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Minimalism
1. Action-oriented
2. Anchoring in domain
3. Support error handling
4. Support various uses
Questioning
Minimalism

The Minimalist approach to technical documentation began around 1982 with the work of John Carroll and his colleagues at IBM. Dissatisfied with existing kinds of user support (e.g., documentation) they first engaged in lots of user observations to discover ways of creating support that would more effectively satisfy the propensities of the user.
The first concrete outcome of the work were the Guided Exploration Cards. These GE-Cards meant a radical break with the traditional support from paper manuals. For example, the cards were completely modular. They could be used in almost any order, by and large. As such they closely resembled job aids. Another special characteristic was that instructions were much more open ended than usual. The user’s actions were not prescribed in their minutest details.
Although successful, the GE-Cards were quickly replaced by a manual which came to be known as the First_Minimal_Manual. This document became the widely known epitome of the approach. The backgrounds of its development are described in Carroll’s book titled “The Nurnberg Funnel. Designing minimalist instruction for practical computer skill”.
Minimalism is a design philosophy. Minimalism is a use-centered approach because its priority lies in supporting usage of an application. It is also a user-centered approach because it adapts to the audience as much as possible. The principles and heuristics of minimalism are not rules to be followed blindly or rigorously; they “merely” afford better designs. In addition, they work well only in combination with a thorough treatment of basic design issues such as context, audience and task analyses. The four main design principles of minimalism are:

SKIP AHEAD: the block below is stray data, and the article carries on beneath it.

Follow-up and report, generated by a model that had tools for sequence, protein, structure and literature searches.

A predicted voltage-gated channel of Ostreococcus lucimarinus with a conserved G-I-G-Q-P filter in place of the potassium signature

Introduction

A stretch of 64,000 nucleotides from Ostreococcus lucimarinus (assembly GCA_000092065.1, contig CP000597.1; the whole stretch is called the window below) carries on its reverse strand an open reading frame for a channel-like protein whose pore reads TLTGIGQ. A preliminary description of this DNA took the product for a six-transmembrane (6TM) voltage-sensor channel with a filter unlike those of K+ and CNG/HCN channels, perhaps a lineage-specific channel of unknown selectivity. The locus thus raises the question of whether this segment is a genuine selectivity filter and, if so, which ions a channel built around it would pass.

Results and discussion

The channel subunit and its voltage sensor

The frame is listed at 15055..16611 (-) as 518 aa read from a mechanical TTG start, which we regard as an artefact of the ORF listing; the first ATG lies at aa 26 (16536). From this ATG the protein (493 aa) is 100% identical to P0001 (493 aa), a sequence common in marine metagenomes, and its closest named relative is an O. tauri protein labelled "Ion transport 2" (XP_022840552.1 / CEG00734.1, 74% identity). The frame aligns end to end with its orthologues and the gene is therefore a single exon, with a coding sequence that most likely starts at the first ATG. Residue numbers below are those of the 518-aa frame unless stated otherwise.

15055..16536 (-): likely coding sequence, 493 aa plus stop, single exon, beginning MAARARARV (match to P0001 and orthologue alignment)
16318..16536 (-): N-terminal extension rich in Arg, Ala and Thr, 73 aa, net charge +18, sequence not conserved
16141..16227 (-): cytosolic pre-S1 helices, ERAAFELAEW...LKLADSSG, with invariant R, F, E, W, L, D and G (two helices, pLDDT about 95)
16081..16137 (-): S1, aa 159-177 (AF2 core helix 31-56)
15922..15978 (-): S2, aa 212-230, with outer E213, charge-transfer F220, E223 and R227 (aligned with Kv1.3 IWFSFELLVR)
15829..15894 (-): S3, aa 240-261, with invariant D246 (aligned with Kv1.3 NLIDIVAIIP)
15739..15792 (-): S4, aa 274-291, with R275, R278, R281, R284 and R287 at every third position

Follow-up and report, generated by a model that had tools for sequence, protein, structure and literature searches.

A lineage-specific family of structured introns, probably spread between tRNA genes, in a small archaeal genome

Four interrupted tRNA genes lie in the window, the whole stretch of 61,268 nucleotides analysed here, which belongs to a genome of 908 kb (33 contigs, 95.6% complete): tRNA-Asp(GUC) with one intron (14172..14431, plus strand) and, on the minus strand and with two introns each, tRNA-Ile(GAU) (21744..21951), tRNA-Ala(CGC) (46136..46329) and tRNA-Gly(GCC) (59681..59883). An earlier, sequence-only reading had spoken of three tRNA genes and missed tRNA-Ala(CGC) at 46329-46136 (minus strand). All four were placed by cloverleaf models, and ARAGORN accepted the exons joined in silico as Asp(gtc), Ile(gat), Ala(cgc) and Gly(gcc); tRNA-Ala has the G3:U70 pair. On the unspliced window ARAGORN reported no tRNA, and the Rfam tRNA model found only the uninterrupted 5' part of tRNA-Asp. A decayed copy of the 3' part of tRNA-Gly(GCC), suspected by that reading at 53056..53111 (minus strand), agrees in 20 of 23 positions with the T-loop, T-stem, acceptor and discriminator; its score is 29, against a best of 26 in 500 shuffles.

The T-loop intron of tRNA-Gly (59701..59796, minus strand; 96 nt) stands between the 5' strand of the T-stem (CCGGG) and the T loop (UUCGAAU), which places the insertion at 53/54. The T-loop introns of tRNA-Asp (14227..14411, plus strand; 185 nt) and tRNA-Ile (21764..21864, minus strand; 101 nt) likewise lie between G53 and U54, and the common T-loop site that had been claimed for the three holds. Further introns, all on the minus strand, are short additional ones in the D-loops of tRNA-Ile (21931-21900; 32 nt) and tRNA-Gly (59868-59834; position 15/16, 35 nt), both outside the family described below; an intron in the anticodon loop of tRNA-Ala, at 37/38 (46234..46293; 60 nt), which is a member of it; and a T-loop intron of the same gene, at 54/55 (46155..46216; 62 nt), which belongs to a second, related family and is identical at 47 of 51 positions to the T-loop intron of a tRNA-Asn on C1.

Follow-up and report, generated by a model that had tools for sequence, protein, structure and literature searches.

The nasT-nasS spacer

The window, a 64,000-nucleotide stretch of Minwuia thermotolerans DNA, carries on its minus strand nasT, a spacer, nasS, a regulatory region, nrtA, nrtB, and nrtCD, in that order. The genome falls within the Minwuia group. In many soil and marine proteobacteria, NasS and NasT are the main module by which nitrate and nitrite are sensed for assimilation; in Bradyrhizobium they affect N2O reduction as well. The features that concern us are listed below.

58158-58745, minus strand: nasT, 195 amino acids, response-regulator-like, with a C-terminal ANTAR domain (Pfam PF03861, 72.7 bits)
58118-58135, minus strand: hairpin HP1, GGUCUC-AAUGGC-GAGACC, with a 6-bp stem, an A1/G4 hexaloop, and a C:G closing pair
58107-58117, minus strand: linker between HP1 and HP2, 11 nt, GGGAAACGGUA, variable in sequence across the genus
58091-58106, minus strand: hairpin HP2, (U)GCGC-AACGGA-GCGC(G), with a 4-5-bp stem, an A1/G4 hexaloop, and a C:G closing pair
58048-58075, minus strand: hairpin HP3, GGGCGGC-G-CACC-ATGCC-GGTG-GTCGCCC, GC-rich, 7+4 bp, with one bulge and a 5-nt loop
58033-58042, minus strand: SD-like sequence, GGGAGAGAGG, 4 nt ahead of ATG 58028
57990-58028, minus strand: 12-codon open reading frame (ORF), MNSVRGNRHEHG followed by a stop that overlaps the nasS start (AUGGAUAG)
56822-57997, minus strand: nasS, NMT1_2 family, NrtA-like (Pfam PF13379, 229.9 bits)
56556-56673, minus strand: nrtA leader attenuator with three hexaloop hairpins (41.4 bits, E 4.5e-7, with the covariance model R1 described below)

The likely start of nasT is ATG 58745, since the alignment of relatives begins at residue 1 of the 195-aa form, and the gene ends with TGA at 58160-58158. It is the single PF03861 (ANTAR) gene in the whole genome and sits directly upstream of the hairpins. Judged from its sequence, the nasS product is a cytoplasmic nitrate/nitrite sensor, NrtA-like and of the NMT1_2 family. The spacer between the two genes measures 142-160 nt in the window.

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Choose an action-oriented approach. Users typically want to do things. This principle reflects the use-centeredness of minimalism
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Anchor the tool in the task domain. A tool is a means to an end. This principle asks designers to select training tasks that are meaningful for the user.
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Support error recognition and recovery. To err is human. There are several ways to increase user competence and comfort levels in handling mistakes.
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Support reading to do, study and locate. Designs must fit as much as possible the diverging needs and propensities of the intended audience. This principle reflects the user-centeredness of minimalism.
Developments of minimalism since the appearance of the Minimal Manual and “The Nurnberg Funnel” have included empirical testing, refinement of method, and the development of another exemplary manual this time for complex software (i.e., Smalltalk – Second_Minimal_Manual –). The approach also expanded into other forms of user support such as online help and gurus. Today, minimalism is among the most widely acclaimed and used bodies of instructional theory as applied to software user assistance.